6sqft: New Historic Districts Council website lists every landmark in NYC

6sqft: New Historic Districts Council website lists every landmark in NYC. “Preservationists, advocates, history buffs and anyone interested in finding out about the history of New York City’s neighborhoods and landmarks has an exciting new resource at their fingertips. The Historic Districts Council (HDC) has launched a new website that offers a complete list of every historic district, individual landmark, interior landmark and scenic landmark in New York City.”

Google-Landmarks: A New Dataset and Challenge for Landmark Recognition (Google Research Blog)

Google Research Blog: Google-Landmarks: A New Dataset and Challenge for Landmark Recognition. “Today, we are excited to advance instance-level recognition by releasing Google-Landmarks, the largest worldwide dataset for recognition of human-made and natural landmarks. Google-Landmarks is being released as part of the Landmark Recognition and Landmark Retrieval Kaggle challenges, which will be the focus of the CVPR’18 Landmarks workshop. The dataset contains more than 2 million images depicting 30 thousand unique landmarks from across the world (their geographic distribution is presented below), a number of classes that is ~30x larger than what is available in commonly used datasets. Additionally, to spur research in this field, we are open-sourcing Deep Local Features (DELF), an attentive local feature descriptor that we believe is especially suited for this kind of task.”

GCN: Mapping NYC’s historic landmarks

GCN: Mapping NYC’s historic landmarks. “For 52 years, the New York City Landmarks Preservation Commission has worked to protect the city’s rich architectural and cultural heritage by designating historic districts and individual, scenic and interior landmarks. Through an update to the LPC’s interactive map, Discover NYC Landmarks, users will be able to view detailed information on nearly 34,000 historic buildings within the city’s 141 historic districts.”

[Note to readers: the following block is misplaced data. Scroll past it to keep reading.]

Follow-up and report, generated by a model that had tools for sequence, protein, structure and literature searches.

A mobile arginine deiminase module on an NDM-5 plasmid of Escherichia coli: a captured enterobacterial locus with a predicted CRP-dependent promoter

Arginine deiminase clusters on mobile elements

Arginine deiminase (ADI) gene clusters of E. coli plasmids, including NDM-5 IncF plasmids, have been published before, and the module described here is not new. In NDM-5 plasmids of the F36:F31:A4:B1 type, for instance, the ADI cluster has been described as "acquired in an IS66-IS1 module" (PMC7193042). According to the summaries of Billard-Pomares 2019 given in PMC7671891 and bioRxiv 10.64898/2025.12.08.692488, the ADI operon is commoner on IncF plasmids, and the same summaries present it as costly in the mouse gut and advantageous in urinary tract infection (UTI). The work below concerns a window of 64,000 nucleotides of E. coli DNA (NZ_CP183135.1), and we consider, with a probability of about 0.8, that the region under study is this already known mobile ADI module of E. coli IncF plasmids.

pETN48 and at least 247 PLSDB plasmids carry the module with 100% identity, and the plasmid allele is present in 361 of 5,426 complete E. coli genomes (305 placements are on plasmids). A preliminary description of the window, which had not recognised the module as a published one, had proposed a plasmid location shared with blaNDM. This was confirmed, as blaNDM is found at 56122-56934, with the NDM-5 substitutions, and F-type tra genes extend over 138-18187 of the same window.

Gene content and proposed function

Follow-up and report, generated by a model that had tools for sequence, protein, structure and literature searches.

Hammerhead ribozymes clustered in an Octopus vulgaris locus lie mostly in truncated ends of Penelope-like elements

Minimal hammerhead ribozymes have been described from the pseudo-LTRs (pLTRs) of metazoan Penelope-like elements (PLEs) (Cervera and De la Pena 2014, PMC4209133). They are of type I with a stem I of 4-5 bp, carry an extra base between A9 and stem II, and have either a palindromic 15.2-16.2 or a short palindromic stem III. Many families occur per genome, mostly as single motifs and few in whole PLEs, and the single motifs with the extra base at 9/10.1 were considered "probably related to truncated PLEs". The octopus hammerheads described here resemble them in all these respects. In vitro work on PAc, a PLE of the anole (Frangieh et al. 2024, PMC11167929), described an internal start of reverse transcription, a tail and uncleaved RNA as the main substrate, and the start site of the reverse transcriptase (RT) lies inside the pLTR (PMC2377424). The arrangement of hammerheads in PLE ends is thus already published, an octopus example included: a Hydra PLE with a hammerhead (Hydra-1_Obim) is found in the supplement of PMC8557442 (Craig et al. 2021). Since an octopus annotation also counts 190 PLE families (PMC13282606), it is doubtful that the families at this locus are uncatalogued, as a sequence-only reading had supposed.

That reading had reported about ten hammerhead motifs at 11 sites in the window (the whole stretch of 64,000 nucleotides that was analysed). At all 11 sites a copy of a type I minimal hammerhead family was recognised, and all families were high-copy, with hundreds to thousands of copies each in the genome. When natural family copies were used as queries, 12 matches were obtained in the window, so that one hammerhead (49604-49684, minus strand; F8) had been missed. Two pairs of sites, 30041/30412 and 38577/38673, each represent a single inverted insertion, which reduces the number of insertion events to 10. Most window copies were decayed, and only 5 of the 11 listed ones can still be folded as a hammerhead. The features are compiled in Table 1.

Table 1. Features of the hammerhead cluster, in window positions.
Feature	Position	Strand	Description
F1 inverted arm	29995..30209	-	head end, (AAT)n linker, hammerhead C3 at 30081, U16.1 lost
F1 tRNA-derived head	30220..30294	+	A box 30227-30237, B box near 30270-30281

Science Daily: Social media photos priceless for natural resources research

Science Daily: Social media photos priceless for natural resources research “Tapping into social media posts on Instagram, Flickr and Panoramio gave North Carolina State University researchers a trove of information about people’s opinions of scenic European landscapes. A new study shows that geotagged photos — complete with millions of comments — can provide data for predictive models to help guide land use policy, conservation planning and development decisions worldwide.”

Chrome Extension Identifies Landmarks in YouTube Videos

Hey, this sounds pretty nifty: a Chrome extension which can identify landmarks in YouTube videos. “It’s easy to use. If you spot a landmark you don’t recognize, pause playback, click the Flico icon, then ‘Scan Landmarks’, and the add-on goes to work. We tried this with an image of Grauman’s Chinese Theater on Hollywood Boulevard, and within a few seconds Flico had given us the correct location, and the opening section of its Wikipedia page.”